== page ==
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On Engaging and Prejudice (1 of 3)

  • Posted on June 27, 2010 at 12:01 AM

Executive Summary:  To engage with others we must actively participate in our interactions with them.  This requires us to exert mental effort and also risks challenging our thoughts, feelings, and worldviews.  Because we do not want to exert the necessary effort or take this risk with people who are very different from ourselves, we rely on stereotypes.  This leads to prejudice and discrimination.  In order to avoid prejudice and discrimination, we have to engage with others—especially those who are different from ourselves.


Engage has many definitions; I tend to use it in the more general sense of “to involve oneself or to participate,” which is the context in which I use it now.

Engaging is an active state of being.  You can engage in a job.  Say you’re sorting through information at work.  While you’re doing this you could be distracted by whatever is on your mind.  Or you could engage in the task, focusing your mental prowess on the task at hand.  You will likely produce higher quality work if you engage on the job.  You can engage in a conversation.  Say you’re talking with your child.  While you’re doing this you could be distracted by the mental to-do list running through your head.  Or you could engage in the conversation, focusing your attention on what is important to your child.  You can engage in a story.  Say you’re reading a book or watching a movie.  You could go into that “glazed” state where you are absorbing the entertainment and “rotting your brain.”  Or you could engage in the story by paying attention to the creative work and trying to experience what the artists were trying to express.  You bring something of yourself to the experience and come out of it with something truly unique—a communion of sorts between the artist and yourself.  In each of these examples, you are bringing something of yourself to the task and making for a richer experience by engaging.  It requires both an effort on your part and willingness to open yourself up to something outside of yourself, but in return you get a higher quality experience.

 I propose that one of the reasons prejudice (and the discrimination that results from prejudice) is so prevalent in our society is because of a lack of engagement.  I propose this lack of engagement can also explain the divisive politics that rages through the U.S. and other examples of polarization.

Basically my theory is this:  To communicate effectively and productively with someone who thinks and feels differently than you do, you need to engage with that person.  The more differently that person thinks or feels, the more you need to engage with that person in order to gain the kind of understanding necessary for genuine communication to occur.  We fail to do so for two basic reasons.  First, engaging is work.  It necessitates that we exert a significant amount of mental effort.  It is much easier to just be there, not really listening, not really understanding; relying on our assumptions to fill in the gaps left by our failure to engage.  Second, engaging can be uncomfortable.  When we engage in someone who is significantly different from ourselves we are willfully challenging our own assumptions, ideas, and worldviews.  This is inherently uncomfortable and human beings tend to develop self-defense mechanisms to prevent such a challenge from occurring.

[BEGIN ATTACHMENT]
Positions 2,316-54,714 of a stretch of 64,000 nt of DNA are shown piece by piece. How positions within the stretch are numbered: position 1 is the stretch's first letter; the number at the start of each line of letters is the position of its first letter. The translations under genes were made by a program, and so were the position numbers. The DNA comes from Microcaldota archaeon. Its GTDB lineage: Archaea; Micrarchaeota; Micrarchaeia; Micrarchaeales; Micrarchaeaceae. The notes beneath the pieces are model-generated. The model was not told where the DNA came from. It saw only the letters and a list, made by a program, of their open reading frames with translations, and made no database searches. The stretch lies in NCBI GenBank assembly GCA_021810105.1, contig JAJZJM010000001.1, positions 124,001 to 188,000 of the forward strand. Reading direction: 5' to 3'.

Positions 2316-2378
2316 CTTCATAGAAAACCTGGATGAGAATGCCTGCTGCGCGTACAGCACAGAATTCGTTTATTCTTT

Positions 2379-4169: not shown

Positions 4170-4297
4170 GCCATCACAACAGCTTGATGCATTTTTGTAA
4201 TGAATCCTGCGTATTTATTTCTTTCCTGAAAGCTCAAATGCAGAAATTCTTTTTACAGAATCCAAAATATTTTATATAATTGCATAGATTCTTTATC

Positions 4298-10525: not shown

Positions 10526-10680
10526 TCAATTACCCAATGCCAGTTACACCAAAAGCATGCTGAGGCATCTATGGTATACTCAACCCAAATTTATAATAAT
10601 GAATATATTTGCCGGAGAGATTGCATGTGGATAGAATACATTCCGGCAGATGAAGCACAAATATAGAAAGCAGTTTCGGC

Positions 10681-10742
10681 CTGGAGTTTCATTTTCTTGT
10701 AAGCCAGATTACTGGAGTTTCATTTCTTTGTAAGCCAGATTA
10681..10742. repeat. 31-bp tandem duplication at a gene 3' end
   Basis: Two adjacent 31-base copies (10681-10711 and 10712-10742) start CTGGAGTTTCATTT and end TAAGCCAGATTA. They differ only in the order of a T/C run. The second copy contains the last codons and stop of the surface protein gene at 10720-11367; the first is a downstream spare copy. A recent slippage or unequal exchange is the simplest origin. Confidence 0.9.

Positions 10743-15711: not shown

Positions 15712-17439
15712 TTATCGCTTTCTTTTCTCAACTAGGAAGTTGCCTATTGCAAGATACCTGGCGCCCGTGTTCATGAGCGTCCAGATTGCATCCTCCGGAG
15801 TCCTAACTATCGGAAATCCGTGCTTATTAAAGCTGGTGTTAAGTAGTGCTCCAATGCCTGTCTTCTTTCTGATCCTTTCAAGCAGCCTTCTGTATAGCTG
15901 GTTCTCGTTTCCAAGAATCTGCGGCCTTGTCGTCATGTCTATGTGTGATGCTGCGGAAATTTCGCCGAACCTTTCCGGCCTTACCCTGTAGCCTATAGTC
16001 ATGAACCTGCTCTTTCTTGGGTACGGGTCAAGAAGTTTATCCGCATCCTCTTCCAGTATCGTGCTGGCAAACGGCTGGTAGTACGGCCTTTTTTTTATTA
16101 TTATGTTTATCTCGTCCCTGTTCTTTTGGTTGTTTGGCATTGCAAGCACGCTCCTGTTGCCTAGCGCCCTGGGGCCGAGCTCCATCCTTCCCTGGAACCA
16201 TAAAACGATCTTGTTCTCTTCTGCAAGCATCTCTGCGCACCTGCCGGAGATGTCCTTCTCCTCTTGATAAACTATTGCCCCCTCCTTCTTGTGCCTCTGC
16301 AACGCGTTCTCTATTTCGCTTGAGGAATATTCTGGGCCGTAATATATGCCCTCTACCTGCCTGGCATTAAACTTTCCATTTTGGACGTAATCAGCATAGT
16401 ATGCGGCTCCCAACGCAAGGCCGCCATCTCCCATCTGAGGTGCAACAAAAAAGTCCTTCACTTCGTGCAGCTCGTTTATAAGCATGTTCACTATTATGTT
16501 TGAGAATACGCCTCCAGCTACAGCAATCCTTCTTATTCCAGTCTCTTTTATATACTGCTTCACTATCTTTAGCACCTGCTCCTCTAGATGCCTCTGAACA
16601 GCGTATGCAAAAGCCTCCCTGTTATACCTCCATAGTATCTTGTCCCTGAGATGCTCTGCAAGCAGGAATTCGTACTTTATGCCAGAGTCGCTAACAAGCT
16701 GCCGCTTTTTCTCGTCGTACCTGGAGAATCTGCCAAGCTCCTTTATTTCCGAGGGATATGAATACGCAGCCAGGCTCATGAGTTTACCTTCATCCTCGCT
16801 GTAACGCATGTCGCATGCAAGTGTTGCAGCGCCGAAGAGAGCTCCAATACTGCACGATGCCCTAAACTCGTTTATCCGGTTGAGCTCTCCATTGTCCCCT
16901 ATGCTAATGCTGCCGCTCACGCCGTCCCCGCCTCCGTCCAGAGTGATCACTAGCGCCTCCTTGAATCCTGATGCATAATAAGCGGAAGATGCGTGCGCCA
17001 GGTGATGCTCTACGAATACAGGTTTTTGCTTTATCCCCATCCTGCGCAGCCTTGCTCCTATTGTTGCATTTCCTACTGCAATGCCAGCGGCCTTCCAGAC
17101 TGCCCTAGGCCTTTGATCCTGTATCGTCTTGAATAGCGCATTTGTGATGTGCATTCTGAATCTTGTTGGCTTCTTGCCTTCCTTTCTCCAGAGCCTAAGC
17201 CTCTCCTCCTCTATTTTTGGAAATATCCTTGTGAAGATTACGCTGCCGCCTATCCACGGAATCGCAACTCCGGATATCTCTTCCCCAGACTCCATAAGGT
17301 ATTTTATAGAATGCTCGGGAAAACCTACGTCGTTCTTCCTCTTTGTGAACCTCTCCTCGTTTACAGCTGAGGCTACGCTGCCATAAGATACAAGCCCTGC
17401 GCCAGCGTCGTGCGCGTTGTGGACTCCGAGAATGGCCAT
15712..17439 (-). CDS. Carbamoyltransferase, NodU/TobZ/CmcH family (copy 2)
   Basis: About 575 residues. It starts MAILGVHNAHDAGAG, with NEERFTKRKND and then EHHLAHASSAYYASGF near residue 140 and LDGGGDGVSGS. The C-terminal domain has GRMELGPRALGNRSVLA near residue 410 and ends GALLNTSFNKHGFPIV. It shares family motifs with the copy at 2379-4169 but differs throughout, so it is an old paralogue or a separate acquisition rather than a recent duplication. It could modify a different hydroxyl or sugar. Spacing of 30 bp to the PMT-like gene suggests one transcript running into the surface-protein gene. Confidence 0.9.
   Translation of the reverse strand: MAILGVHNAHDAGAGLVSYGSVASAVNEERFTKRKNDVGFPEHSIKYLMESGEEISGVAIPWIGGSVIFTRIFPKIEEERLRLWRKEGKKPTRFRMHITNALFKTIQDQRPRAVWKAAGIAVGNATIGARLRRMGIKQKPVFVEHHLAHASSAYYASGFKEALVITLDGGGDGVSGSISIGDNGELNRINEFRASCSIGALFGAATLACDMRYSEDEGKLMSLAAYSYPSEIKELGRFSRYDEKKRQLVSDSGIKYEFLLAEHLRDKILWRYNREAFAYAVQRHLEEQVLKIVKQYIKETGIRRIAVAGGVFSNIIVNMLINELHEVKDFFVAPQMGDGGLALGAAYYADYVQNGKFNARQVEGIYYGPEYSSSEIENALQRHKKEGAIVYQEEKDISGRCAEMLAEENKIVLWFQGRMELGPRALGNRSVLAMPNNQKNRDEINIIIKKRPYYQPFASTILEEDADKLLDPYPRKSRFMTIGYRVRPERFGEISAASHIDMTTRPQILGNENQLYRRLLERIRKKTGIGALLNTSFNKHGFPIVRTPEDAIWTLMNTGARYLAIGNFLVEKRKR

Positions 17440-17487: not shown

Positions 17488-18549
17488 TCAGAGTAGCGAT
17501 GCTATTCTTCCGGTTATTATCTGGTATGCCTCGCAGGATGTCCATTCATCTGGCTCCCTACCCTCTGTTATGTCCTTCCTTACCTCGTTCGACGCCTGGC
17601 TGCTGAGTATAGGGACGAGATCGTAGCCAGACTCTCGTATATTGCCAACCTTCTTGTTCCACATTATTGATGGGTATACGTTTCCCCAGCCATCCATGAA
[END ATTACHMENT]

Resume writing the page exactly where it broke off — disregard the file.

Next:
So, instead of engaging we stereotype.  These stereotypes can be positive, but are more often negative.  Even when positive, these stereotypes are destructive because they prevent understanding and dehumanize the “other” in the process.  In this sense, stereotypes are very similar to a template.  Imagine you are trying to start a new blog.  You find a template that has the right look (stereotype), but after you start using it you realize the content you want to include doesn’t fit the template.  The work-intensive method would be to start from scratch and build your own template that has the look you want but also meets the needs of the content you want to provide.  A less work-intensive method would be to modify the template to account for the content you want to add but cannot fit.  However, it is more likely that you will simply trash the content that doesn’t fit—you don’t really need it anyway—and stick to the template you’ve chosen.  If people were blogs, then the template would be what they are (doctor, Republican, person with disabilities) and the content would be who they are (their thoughts, feelings, experiences, and the conclusions they’ve drawn from them).  Our failure to engage trashes the content of the person in favor of the imperfect, inappropriate template we chose to interpret their content through.

This occurs at what I would call the macro level.  We stereotype groups of people and put them into the templates we’ve chosen for them.  When we meet individuals who belong to those groups, we trash any content (who they are) in favor of the template we assume they fit into (our own concept of what they are).  This also occurs at what I would call the micro level, which constitutes using templates of people we know instead of engaging with them at a particular time and place.  That will be the subject of my next post.